Wealth Management Investor Relations Specialists


Exploring this Job

Learn as much as you can about business and investing by checking out these and other publications: Barron’s (https://www.barrons.com), Bloomberg Business (https://www.bloomberg.com/businessweek), and Private Asset Management (http://www.pammagazine.com).

Follow the financial markets, and create a real or mock stock portfolio based on your research. Join finance clubs in high school and college. Many clubs compete in investing competitions. If your school doesn’t offer a finance club, ask your business teacher to start one.

Talk with investment relations specialists about their jobs. Ask the following questions:

  • How did you break into the field?
  • What bachelor’s degree should I pursue—one in public relations or marketing, or one in finance? Should I also earn a master’s degree?
  • How important is certification for career success?  
  • How will the field of investor relations change in the next five to 10 years, and what can I do in college to prepare for these changes? 

The Job

Job duties for investor relations professionals vary by the size of their employer. At medium-size and large firms, there’s usually a dedicated IR/marketing professional—and often an entire department—that handles investor relations duties. At small funds, the firm’s owner might be responsible for investor relations/marketing, or he or she might hire an outside public relations/marketing firm to perform these duties. At some smaller funds, the role of investor relations specialist is combined with that of marketing specialist.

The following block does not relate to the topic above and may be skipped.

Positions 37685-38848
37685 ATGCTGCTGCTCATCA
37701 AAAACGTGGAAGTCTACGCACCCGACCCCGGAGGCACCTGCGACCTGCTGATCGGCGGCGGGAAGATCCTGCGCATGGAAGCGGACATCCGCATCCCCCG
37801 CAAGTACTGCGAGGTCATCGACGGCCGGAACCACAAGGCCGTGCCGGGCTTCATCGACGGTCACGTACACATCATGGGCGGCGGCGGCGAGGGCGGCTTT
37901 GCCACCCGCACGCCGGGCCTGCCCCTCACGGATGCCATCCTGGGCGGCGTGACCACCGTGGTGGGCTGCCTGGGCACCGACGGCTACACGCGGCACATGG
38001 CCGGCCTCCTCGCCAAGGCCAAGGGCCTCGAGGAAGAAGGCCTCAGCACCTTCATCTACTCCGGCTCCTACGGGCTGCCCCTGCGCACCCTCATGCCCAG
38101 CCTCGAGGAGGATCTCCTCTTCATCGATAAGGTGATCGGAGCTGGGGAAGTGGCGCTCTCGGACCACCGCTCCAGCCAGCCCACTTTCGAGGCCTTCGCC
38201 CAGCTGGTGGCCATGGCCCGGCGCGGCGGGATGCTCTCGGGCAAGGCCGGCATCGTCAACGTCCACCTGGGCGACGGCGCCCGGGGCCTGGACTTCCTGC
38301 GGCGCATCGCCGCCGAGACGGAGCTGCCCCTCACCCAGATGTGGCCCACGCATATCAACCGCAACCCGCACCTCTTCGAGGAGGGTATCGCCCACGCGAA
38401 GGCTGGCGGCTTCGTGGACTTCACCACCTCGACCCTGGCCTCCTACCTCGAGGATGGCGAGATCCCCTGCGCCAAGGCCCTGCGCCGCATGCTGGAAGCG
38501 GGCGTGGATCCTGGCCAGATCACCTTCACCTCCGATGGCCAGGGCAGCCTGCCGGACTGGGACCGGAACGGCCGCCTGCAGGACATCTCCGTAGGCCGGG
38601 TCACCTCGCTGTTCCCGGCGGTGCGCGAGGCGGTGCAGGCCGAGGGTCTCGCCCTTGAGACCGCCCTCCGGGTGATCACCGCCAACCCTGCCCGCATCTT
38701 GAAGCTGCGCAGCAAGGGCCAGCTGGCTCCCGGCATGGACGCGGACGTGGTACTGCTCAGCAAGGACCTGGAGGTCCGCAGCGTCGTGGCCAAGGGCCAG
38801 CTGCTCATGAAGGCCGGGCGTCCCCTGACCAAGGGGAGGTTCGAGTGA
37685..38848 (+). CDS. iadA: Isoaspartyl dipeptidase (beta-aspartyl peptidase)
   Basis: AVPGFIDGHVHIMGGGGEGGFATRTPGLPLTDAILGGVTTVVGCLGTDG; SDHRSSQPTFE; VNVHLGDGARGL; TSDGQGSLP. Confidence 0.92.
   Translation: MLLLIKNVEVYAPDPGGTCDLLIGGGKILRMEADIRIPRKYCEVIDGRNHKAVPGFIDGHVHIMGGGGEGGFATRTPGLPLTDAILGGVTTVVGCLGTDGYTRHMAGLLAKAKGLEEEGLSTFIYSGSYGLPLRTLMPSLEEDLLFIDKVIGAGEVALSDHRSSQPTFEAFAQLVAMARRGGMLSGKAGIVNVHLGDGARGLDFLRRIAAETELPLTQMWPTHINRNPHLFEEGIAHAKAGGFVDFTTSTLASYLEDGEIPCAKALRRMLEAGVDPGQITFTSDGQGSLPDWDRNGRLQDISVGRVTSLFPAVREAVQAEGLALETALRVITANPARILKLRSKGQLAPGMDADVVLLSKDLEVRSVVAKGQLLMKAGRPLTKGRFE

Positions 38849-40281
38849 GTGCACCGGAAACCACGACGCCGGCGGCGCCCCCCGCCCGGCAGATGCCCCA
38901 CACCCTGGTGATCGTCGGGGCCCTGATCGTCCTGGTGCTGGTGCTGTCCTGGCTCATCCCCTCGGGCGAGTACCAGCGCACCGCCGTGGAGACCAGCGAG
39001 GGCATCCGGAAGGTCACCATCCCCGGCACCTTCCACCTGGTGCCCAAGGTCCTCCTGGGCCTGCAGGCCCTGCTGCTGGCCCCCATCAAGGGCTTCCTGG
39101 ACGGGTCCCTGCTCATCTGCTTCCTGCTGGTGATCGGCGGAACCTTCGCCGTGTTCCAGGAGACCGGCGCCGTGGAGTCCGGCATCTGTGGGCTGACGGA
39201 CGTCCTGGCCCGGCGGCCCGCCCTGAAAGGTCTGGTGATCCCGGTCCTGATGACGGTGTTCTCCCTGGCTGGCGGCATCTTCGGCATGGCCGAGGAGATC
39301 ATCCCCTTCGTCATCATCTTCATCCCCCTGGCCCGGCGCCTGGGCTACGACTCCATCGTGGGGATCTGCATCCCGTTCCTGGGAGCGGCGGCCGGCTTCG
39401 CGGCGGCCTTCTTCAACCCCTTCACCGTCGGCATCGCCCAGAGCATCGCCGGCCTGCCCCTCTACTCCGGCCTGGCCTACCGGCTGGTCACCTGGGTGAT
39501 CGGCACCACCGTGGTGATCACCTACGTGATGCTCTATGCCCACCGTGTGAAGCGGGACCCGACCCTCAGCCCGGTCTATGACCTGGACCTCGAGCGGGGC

Major duties of investor relations specialists include:

  • serving as the primary point of contact for existing investors and working with other members of the IR department to identify new investors
  • creating and updating marketing materials (such as offering memos, fact sheets, portfolio manager bios, and investor presentations)
  • maintaining their firm’s Web site and social media accounts 
  • creating due diligence materials such as private placement memorandums and investor questionnaires (to ensure eligibility and compliance with federal anti-money laundering requirements)
  • preparing presentations for road shows, investor meetings, conferences, and other events
  • maintaining an investor management database to track communications with investors and progress in the sales pipeline
  • conducting regular qualitative and quantitative research about the wealth management industry and the firm’s competitors
  • creating pitch books (a document or presentation that is sent to potential investors to provide information on the firm and its major players, its investment strategies, its risk management strategies and reporting systems, and other data)